Law enforcement line-of-duty deaths rose 20 percent during first half of 2009
Multiple-death shootings, rise in traffic-related deaths contribute to increase; fatalities still remain low when compared with recent years
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WASHINGTON — After reaching a nearly 50-year low in 2008, the number of law enforcement officers killed in the line of duty jumped 20 percent during the first six months of 2009. Still, officer fatalities in the United States remain low when compared with mid-year totals in recent history, according to a new report from the National Law Enforcement Officers Memorial Fund (NLEOMF) and Concerns of Police Survivors (C.O.P.S.).
Preliminary statistics compiled by the NLEOMF indicate that 66 law enforcement officers died in the line of duty between January 1 and June 30, 2009, compared with 55 officer deaths during the first six months of 2008. A total of 133 officers died in the line of duty in all of 2008, the lowest annual total since 1960.
Even with this year's increase, the preliminary 2009 figure was the second lowest mid-year total since 1965, when there were also 55 fatalities. The 2009 total was 13 percent lower than the average mid-year fatality count over the previous 10 years, which was 76.
"While it is encouraging that officer fatalities remain comparatively low, the 2009 figures do present some cause for concern," said NLEOMF Chairman and CEO Craig W. Floyd. "Officers continue to face serious threats from armed offenders who don't think twice about opening fire on law enforcement. That was tragically illustrated by the horrific multiple-death incidents this year in Oakland, Pittsburgh and Okaloosa County, Florida," he said.
"Those dangers, coupled with the fact that far too many law enforcement officers are dying on our roadways in traffic-related incidents, many of which involve drunk drivers, show that we still have a long way to go in ensuring that our officers can do their jobs as safely and effectively as possible," Mr. Floyd added.
The number of officers shot and killed rose slightly this year, from 20 in the first half of 2008 to 22 in the first six months of 2009. This year's figure includes nine officers who were gunned down in three separate incidents that occurred within a five-week period this spring. Four Oakland (CA) Police officers were killed March 21; three officers from Pittsburgh (PA) were fatally shot April 4; and two deputies with the Okaloosa County (FL) Sheriff's Office were gunned down April 25.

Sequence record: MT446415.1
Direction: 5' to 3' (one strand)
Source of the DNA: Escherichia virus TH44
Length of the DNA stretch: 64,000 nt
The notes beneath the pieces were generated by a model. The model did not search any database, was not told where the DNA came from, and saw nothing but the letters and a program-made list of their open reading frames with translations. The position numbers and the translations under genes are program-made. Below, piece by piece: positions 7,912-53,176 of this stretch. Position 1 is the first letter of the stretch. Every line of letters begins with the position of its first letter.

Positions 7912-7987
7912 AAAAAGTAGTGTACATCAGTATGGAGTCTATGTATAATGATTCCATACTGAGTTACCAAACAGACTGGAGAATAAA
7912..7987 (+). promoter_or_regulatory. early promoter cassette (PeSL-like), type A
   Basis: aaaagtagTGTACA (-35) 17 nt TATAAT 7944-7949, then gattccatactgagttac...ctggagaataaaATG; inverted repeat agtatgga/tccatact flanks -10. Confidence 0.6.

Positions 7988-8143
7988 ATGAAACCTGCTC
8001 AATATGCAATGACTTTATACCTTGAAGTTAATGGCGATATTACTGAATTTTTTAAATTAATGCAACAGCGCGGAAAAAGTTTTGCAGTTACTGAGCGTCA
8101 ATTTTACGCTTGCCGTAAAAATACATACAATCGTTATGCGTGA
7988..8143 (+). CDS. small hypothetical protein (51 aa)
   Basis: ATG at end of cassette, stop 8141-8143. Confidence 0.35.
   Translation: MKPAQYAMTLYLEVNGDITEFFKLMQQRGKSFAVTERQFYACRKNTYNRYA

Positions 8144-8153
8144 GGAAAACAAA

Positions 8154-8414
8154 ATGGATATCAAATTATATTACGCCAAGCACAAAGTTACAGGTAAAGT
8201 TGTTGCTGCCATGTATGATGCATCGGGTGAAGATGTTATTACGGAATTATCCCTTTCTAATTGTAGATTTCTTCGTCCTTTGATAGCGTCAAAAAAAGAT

"With every law enforcement officer killed in the line of duty, names must be engraved on the National Law Enforcement Officers Memorial and the membership of surviving families and affected co-workers seeking support through Concerns of Police Survivors regrettably grows. Each year, more and more family and co-worker survivors look to C.O.P.S. for assistance to rebuild their shattered lives," said C.O.P.S. National President Jennifer Thacker.
"While my heart aches each time a law enforcement officer dies in the line of duty, I find solace to know that those families, affected co-workers, and agencies will be embraced in the law enforcement family, and they will be comforted with a lifetime of support during their grief walk through C.O.P.S.," added Mrs. Thacker. Her husband, Investigator Brandon Thacker of the Kentucky Department of Alcoholic Beverage Control, was shot and killed in the line of duty in April 1998.
Other findings from the report include the following:
* The number of officers killed in traffic-related incidents increased 17 percent during the first six months of 2009, from 30 to 35. Traffic-related incidents -- automobile and motorcycle crashes and instances in which officers are struck while outside their police vehicles -- remain the leading cause of death among law enforcement officers in the United States, a trend that began 12 years ago. At least six traffic-related deaths this year have involved drunk drivers.
* Eight officers succumbed to job-related physical ailments during the first half of 2009, double the number during the first six months of 2008. In addition, one officer died in a helicopter crash this year.
* Twenty-four states experienced at least one law enforcement fatality during the first six months of 2009. Florida had seven fatalities; California, Pennsylvania and Texas had six each. Three federal law enforcement officers also died this year.
* All 66 officers killed during the first half of 2009 were men. By contrast, nearly 10 percent of the officers killed in all of 2008 were women, the highest percentage in history.
The statistics released by the NLEOMF and C.O.P.S. are preliminary and do not represent a final or complete list of individual officers who will be added to the National Law Enforcement Officers Memorial for 2009. The report, "Law Enforcement Officer Deaths, Mid-Year 2009 Report," is available at www.nleomf.org/TheMemorial/Facts/2009MidYearReport.pdf.
About the National Law Enforcement Officers Memorial Fund
The National Law Enforcement Officers Memorial Fund is a private non-profit organization dedicated to honoring the service and sacrifice of America's law enforcement officers and to promoting officer safety. The NLEOMF maintains the National Law Enforcement Officers Memorial in Washington, DC, which contains the names of 18,661 officers who have died in the line of duty throughout U.S. history. The Memorial Fund is now working to create the first-ever National Law Enforcement Museum, which will tell the story of American law enforcement through high-tech, interactive exhibitions, historical artifacts and extensive educational programming. For more information, visit www.LawMemorial.org.